So… There is this thing that seems to happen in my universe of music… It is that moment when are you discover a musician or a band that you’ve never heard of… An artist whom even everyone you know has pretty much never heard of… And for some reason you like them a bunch so you start to dig deeper… And, in some instances, said artist only has a couple of records out or maybe has an intriguing bio which reveals their support roles beneath other major name performers you know and love… So you keep digging to uncover the lost gems…
It is this treasure hunt process of discovery which makes the hobby of music so magical for me.
Once such recent discovery for me is Azar Lawrence. My journey began well over a year ago when I found his 1974 debut album — Bridge Into The New Age — at a thrift shop or vinyl record store bargain bin somewhere. I was intrigued because it was produced by Orrin Keepnews and was a white label promotional copy from a legendary jazz label, Prestige Records. I liked the record just fine, but for a year after I did not see any of his records in stores or in the wilds of collecting (garage sales, thrift shops, flea markets, etc.).
That is, until — and you knew there was going to be an “until” – – I received a press release from the good folks at Jazz Dispensary (a Craft Records subsidiary) announcing a reissue of Lawrence’s second album from 1975, Summer Solstice.
Ding! Ding! Ding! Apparently I was not the only person in the universe who knew of this artist. It turns out that Mr. Lawrence has a pretty groovy reputation both among deep jazz buffs as well as sampling hipsters ‘n DJ remixers ‘n such (click here to trace samples from tracks by the likes of Cypress Hill and Madlib via “Who Sampled”).
How Summer Solstice and Azar Lawrence in general fell between the cracks of even my basic awareness is beyond me because it is pretty wonderful. It happens. Better late than never, as they say…
I suppose it helps to listen in context with what was going on at the time of its release: here was a guy coming out with spiritual leaning improvisatory music that at once recalls John Coltrane and McCoy Tyner with Stan Getz-ian Brazilian / Bossa Nova stylistic twists at the dawn of disco, punk and new wave. In 1975, jazz was in transition as a popular form, going many different directions at the same time… Place period releases by Charles Mingus next to Return To Forever, Weather Report, Pat Metheny and John McLaughlin’s Shakti and you get an idea that people were pushing boundaries, exploring and expanding.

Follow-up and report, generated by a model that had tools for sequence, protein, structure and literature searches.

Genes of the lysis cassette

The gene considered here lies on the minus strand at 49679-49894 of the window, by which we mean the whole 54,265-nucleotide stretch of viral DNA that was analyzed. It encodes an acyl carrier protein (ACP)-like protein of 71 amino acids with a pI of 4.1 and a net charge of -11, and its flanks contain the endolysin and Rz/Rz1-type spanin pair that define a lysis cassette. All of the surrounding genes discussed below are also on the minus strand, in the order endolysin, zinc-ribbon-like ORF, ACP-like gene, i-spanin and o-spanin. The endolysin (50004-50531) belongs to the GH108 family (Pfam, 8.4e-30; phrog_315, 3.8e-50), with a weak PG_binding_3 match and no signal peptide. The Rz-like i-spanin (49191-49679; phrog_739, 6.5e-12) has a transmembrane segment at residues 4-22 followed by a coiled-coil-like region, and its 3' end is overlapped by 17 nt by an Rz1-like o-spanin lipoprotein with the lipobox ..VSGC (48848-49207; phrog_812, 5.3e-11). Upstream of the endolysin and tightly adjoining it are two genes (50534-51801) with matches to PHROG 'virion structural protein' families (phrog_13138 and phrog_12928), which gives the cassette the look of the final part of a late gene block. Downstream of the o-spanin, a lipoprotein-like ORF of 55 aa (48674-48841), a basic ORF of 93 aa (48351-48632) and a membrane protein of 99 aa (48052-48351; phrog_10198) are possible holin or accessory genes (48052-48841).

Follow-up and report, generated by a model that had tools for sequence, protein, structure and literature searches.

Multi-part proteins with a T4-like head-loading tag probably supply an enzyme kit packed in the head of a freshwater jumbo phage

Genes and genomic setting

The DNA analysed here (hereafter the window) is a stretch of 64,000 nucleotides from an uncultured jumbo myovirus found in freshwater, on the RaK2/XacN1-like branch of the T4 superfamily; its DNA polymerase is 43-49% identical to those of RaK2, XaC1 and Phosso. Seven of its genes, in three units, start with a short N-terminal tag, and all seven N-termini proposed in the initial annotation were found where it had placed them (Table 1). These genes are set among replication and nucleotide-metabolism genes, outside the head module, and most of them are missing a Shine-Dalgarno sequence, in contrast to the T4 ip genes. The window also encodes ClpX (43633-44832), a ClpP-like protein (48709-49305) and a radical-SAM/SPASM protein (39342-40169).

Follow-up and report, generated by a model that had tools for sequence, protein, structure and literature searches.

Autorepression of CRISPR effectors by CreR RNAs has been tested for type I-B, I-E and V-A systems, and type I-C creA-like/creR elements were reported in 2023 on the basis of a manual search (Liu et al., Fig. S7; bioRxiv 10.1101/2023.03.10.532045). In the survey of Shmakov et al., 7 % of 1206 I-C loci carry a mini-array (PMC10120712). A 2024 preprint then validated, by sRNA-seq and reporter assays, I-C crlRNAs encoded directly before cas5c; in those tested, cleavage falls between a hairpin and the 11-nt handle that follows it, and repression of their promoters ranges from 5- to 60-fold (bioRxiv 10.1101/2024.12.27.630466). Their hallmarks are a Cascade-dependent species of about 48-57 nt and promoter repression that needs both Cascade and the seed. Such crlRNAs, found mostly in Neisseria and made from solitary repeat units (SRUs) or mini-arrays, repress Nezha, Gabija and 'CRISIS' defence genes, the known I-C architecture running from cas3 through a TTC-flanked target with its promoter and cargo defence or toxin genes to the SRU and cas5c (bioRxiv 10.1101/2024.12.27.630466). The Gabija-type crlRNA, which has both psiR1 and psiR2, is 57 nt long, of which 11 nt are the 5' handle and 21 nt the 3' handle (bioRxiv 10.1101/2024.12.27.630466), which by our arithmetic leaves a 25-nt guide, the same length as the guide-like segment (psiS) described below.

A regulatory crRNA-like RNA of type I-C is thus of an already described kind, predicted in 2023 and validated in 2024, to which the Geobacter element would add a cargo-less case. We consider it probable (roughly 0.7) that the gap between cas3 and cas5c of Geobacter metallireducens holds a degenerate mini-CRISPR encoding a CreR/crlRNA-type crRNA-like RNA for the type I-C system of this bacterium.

Anyhow, I’m happy to report Summer Solstice is excellent and is perhaps another demo-worthy disc for all you audiophiles out there to consider. The LP is crafted in an all analog transfer and mastering process by Kevin Gray at Cohearent Audio. Manufactured at Quality Record Pressing, the dark 180-gram vinyl is dead quiet and perfectly centered.
This is significant, especially if you are somebody who likes to collect original LP pressings of rare albums. Remember that in the mid-1970s there was an oil crisis going on — oil being one of the key ingredients in making vinyl– so there were a lot of very noisy albums pushed out during that period as labels cut corners (with rumors of recycled vinyl circulating among collectors back in the day). So even even if you found a nice original, chances are it won’t sound quite this nice. I know my white label promo of Lawrence’s debut is not this crisp and quiet!
Ultimately it is about the music and Summer Solstice is one of those albums which grows on you with each listen, sounding quite timeless. The band here is pretty killer including Ron Carter on Bass and Billy Hart on drums (who played with everyone from Miles Davis to Stan Getz — he’s even on the fabulous Resonance Records release of the Getz-Gilberto concert from 1976, which I reviewed here a while back!)
I immediately liked the sound of Lawrence’s Soprano and Tenor Saxophone playing. Maybe you will too. This is the good stuff and it is another example great sounding music that is possibly demo worthy depending on your tastes.
Handily, you can explore Summer Solstice streaming on Tidal (click here) in MQA fidelity (which sounds pretty solid in 96 kHz, 24-bit fidelity but has a brighter sheen than the warmer feeling vinyl). There is a 192 kHz, 24-bit version up on Qobuz (click here) which sounds closer to the vinyl experience, so perhaps its further evidence that those additional frequencies really do matter.
Any way you listen, Azar Lawrence is clearly a musician who’s output is worthy of your time and exploration.
Happy new music discoveries for your Happy New Year!